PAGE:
Dorzolamide has not been studied in patients with hepatic impairment and should therefore be used with caution in such patients.

Dorzolamide has not been studied in patients wearing contact lenses. The preservative in Trusopt ophthalmic solution, benzalkonium chloride, may be absorbed by soft contact lenses. Patients should be instructed to remove their lenses before application of the drops and not to reinsert the lenses earlier than 15 minutes after use.

Children: Safety and effectiveness in children have not been established.

Pregnancy: There are no adequate and well-controlled studies in pregnant women. Dorzolamide should be used during pregnancy only if the potential benefit justifies the potential risk to the fetus.

Lactation: It is not known whether dorzolamide is excreted in human milk. Because many drugs are excreted in human milk and because of the potential for serious adverse reactions from dorzolamide in nursing infants, a decision should be made whether to discontinue nursing or to discontinue the drug, taking into account the importance of the drug to the mother.

In a study of dorzolamide in lactating rats, decreases in body weight gain of 5 to 7% in offspring at an oral dose of 7.5 mg/kg/day (94 times the maximum recommended human ophthalmic dose) were seen during lactation. A slight delay in postnatal development (incisor eruption, vaginal canalization and eye openings), secondary to lower fetal body weight, was noted at 7.5 mg/kg/day (94 times the maximum recommended human ophthalmic dose).


In clinical studies, local ocular adverse effects, primarily conjunctivitis and eyelid reactions, were reported with chronic administration of dorzolamide. Some of these reactions had the clinical appearance and course of an allergic-type reaction that resolved upon discontinuation of drug therapy. If such reactions are observed, discontinuation of treatment with dorzolamide should be considered.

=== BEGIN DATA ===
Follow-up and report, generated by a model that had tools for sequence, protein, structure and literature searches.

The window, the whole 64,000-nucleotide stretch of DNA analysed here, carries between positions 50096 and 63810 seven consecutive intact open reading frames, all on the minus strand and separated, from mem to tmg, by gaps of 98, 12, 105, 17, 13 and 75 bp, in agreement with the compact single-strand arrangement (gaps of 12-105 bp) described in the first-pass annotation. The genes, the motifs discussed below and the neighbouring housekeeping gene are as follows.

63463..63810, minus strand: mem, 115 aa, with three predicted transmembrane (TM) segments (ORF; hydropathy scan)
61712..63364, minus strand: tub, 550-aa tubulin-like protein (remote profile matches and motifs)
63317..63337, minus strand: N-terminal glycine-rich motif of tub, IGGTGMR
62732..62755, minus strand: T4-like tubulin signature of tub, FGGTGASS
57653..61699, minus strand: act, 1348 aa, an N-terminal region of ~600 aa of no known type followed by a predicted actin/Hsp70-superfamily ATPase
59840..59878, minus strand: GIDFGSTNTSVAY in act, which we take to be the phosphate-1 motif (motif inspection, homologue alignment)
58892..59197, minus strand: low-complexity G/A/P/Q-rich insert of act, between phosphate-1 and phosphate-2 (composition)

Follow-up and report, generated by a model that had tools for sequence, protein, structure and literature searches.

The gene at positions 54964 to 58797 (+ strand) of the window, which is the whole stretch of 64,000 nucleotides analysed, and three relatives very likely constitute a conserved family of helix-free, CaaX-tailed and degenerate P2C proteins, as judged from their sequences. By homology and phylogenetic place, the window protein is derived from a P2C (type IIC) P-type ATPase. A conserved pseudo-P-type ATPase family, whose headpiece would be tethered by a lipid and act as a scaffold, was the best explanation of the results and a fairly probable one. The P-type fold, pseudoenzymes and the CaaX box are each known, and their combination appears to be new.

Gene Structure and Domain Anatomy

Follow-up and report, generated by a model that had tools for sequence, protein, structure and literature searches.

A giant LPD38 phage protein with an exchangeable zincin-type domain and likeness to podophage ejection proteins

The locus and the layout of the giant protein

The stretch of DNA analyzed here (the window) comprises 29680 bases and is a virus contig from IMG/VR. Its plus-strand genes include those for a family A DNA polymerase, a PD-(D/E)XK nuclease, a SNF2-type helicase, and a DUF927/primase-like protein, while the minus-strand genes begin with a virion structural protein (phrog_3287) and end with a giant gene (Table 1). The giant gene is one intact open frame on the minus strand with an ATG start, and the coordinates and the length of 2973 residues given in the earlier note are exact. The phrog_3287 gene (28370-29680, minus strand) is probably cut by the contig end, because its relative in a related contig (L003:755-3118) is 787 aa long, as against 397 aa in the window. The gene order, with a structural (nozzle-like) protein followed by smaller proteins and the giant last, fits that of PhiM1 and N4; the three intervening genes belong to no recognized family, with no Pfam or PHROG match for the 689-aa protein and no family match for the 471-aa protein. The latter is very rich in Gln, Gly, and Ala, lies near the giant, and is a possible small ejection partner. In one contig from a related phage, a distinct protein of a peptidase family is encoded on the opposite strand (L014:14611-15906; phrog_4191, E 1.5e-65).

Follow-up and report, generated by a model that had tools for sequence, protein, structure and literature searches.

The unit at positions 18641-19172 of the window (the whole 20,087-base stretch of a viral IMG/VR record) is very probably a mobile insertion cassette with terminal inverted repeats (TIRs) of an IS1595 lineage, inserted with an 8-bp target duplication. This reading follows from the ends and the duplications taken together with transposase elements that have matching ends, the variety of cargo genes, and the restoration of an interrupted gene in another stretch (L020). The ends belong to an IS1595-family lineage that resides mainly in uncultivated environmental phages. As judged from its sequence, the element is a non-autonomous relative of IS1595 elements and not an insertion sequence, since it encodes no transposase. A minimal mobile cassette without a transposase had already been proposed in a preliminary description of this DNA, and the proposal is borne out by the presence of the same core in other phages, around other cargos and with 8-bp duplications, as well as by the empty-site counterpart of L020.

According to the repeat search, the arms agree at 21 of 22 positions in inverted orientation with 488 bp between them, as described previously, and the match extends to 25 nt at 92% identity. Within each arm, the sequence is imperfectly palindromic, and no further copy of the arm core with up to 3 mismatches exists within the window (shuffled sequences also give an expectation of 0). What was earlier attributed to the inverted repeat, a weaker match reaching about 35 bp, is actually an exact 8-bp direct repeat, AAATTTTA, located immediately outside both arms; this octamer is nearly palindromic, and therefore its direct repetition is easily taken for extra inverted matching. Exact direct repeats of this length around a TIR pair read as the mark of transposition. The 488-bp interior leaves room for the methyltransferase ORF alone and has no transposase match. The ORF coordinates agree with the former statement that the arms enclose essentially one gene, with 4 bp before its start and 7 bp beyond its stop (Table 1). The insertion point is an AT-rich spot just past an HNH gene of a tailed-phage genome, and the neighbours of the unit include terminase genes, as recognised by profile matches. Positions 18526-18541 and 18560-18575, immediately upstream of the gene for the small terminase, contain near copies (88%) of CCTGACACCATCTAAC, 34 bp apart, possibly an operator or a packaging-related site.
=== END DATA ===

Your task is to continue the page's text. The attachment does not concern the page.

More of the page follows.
Patients should be advised that if serious or unusual reactions or signs of hypersensitivity occur, they should discontinue the use of the product and to communicate with the treating physician.

Patients should be advised that if they develop any ocular reactions, particularly conjunctivitis and lid reactions, they should immediately seek their physician’s advice about continuing treatment with dorzolamide.

There have been reports of bacterial keratitis associated with the use of multiple dose containers of topical ophthalmic products. These containers had been inadvertently contaminated by patients who, in most cases, had a concurrent corneal disease or a disruption of the ocular epithelial surface.

Patients should be instructed to avoid allowing the tip of the dispensing container to contact the eye or surrounding structures.

Patients should also be instructed that ocular solutions, if handled improperly, can become contaminated by common bacteria known to cause ocular infections. Serious damage to the eye and subsequent loss of vision may result from using contaminated solutions.

Patients should also be advised that if they develop an intercurrent ocular condition (e.g., trauma, ocular surgery or infection), they should immediately seek their physician’s advice concerning the continued use of the present multidose container.

If more than one topical ophthalmic drug is being utilized, the drugs should be administered at least 10 minutes apart.

Geriatrics: Of the total number of patients in clinical studies of dorzolamide, 44% were 65 years of age and over, while 10% were 75 years of age and over. No overall differences in effectiveness or safety were observed between these patients and younger patients, but greater sensitivity of some older individuals to the product cannot be ruled out.

Drug Interactions: